Then, about a year or so ago, I read Michael’s posts about the Eucharist. This was in the midst of a time when my theology had already undergone major tectonic shifts, so I guess you could say I was ripe for a new understanding of this most central Christian practice. Suddenly, lights went on, pieces fell into place, and the Eucharist began to make sense in a way it never had before.

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Rejecting the magical cross

Cross necklaceThe cross is, of course, central to the Christian faith. That we should devote much thought to it, especially during this period of Lent, is only appropriate.

However, I’d like to take a few moments to challenge quite how we think about it.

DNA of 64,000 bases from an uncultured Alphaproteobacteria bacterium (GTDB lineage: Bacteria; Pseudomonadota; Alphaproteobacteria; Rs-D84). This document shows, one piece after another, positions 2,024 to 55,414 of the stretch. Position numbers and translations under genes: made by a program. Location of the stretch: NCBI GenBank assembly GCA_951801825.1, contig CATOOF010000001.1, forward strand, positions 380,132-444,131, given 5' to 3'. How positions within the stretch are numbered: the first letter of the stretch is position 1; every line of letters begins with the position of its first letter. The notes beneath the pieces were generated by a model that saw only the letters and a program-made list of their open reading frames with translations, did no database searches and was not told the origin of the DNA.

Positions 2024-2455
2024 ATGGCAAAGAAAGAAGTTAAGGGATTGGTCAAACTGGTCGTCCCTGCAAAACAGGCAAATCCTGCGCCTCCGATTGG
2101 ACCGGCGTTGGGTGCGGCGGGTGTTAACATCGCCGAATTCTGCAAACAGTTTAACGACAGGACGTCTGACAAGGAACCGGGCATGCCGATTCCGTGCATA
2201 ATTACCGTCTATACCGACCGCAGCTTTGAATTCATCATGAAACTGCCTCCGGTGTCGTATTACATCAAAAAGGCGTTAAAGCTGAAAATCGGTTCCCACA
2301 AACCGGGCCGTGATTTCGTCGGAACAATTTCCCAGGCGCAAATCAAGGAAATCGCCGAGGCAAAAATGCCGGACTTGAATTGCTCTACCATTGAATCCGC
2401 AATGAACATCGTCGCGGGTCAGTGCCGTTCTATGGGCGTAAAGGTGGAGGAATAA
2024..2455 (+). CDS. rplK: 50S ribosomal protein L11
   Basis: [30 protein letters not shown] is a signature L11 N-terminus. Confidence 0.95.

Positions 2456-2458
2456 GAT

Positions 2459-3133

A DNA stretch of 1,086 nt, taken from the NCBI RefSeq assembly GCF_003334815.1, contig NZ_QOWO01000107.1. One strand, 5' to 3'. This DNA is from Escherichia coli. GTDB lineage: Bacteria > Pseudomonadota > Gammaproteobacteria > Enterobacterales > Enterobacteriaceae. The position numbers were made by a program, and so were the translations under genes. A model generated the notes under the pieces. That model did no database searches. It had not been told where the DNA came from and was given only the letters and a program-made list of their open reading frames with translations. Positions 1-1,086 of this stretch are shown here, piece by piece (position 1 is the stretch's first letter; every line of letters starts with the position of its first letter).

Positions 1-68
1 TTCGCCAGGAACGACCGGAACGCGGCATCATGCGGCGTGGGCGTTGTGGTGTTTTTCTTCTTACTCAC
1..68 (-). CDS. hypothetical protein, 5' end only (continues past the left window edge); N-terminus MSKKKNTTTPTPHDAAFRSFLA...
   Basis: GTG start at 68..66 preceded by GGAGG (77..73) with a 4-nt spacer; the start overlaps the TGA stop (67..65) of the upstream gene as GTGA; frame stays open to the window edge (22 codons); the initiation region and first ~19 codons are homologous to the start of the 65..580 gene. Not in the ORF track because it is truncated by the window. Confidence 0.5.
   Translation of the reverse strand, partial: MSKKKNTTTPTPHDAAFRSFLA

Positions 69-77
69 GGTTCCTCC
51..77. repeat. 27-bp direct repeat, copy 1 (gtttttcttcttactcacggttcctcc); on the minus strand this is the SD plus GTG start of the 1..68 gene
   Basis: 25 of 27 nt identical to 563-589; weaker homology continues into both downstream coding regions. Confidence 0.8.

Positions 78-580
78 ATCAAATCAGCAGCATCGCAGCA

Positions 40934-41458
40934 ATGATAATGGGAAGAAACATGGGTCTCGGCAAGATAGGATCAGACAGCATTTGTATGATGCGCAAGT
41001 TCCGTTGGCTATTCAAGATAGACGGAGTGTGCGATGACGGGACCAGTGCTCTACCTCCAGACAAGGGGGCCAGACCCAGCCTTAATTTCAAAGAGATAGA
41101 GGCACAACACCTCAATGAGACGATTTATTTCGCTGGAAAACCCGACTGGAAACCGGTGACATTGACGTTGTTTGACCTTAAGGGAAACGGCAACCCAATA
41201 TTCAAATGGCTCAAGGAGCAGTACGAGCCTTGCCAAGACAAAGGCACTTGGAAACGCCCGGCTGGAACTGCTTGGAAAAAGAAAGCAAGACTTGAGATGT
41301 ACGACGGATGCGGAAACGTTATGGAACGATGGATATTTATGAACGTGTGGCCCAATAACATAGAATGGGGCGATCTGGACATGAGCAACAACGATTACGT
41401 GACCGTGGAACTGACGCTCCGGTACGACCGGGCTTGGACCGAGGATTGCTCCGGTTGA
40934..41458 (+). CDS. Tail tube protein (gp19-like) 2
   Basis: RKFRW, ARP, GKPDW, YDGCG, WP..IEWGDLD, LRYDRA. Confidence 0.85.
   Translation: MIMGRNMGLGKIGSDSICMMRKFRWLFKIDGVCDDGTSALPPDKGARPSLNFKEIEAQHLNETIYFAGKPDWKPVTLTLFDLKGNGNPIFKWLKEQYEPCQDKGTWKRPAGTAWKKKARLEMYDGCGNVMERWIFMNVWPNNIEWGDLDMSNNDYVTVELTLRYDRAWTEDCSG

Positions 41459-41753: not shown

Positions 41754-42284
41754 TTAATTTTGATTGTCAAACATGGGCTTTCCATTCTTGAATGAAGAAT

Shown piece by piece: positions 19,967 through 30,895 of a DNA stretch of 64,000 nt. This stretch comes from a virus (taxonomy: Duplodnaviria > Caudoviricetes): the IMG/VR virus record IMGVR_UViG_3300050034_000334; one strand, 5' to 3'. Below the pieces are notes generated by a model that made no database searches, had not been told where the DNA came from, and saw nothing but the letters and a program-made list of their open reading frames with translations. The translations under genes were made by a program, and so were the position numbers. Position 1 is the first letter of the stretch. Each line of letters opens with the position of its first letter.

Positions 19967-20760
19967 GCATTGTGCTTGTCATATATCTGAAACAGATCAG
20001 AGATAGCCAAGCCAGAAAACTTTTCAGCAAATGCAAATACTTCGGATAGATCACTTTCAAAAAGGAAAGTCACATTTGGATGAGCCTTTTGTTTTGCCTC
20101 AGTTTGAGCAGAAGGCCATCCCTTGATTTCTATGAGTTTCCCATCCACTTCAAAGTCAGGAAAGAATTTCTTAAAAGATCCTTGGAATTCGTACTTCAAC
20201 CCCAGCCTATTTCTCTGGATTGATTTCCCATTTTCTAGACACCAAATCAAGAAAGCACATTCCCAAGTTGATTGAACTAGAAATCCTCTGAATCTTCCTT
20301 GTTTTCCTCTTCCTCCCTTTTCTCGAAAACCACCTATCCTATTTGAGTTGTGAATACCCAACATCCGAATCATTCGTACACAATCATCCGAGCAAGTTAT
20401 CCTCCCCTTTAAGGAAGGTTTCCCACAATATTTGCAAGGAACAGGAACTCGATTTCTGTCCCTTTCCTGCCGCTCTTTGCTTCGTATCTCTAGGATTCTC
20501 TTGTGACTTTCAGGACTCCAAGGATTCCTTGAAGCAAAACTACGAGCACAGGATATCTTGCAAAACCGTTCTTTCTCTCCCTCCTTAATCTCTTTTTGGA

One of the ways I believe we often get the cross wrong is to see it as the symbol of the satisfaction of God’s retributive justice upon an innocent victim in our place. I’ve written about this on a number of previous occasions, most recently here.

But there’s another way we routinely misunderstand and mistreat the cross, and it’s this: by treating it as a metaphysical reality to be believed in rather than the sign and the symbol of something much deeper.

Let me unpack that a bit.

If we see the cross as first and foremost the fulcrum of a legal transaction in which we exchange our sins for Jesus’ innocence, there’s a strong tendency for us to put our faith (in other words our belief or trust) in the event of the cross, which was over and done with some two thousand years ago. Of course, we might express our gratitude to Jesus, the one who suffered that event, and we might say we love him for it. But the fact remains that it’s a done deal. The work was done for us at Calvary; all we need do is accept our role in the transaction (by “repenting” and professing belief in Jesus) and hey presto, we have our golden ticket (the knowledge of forgiveness of sins and entrance to “eternal life”).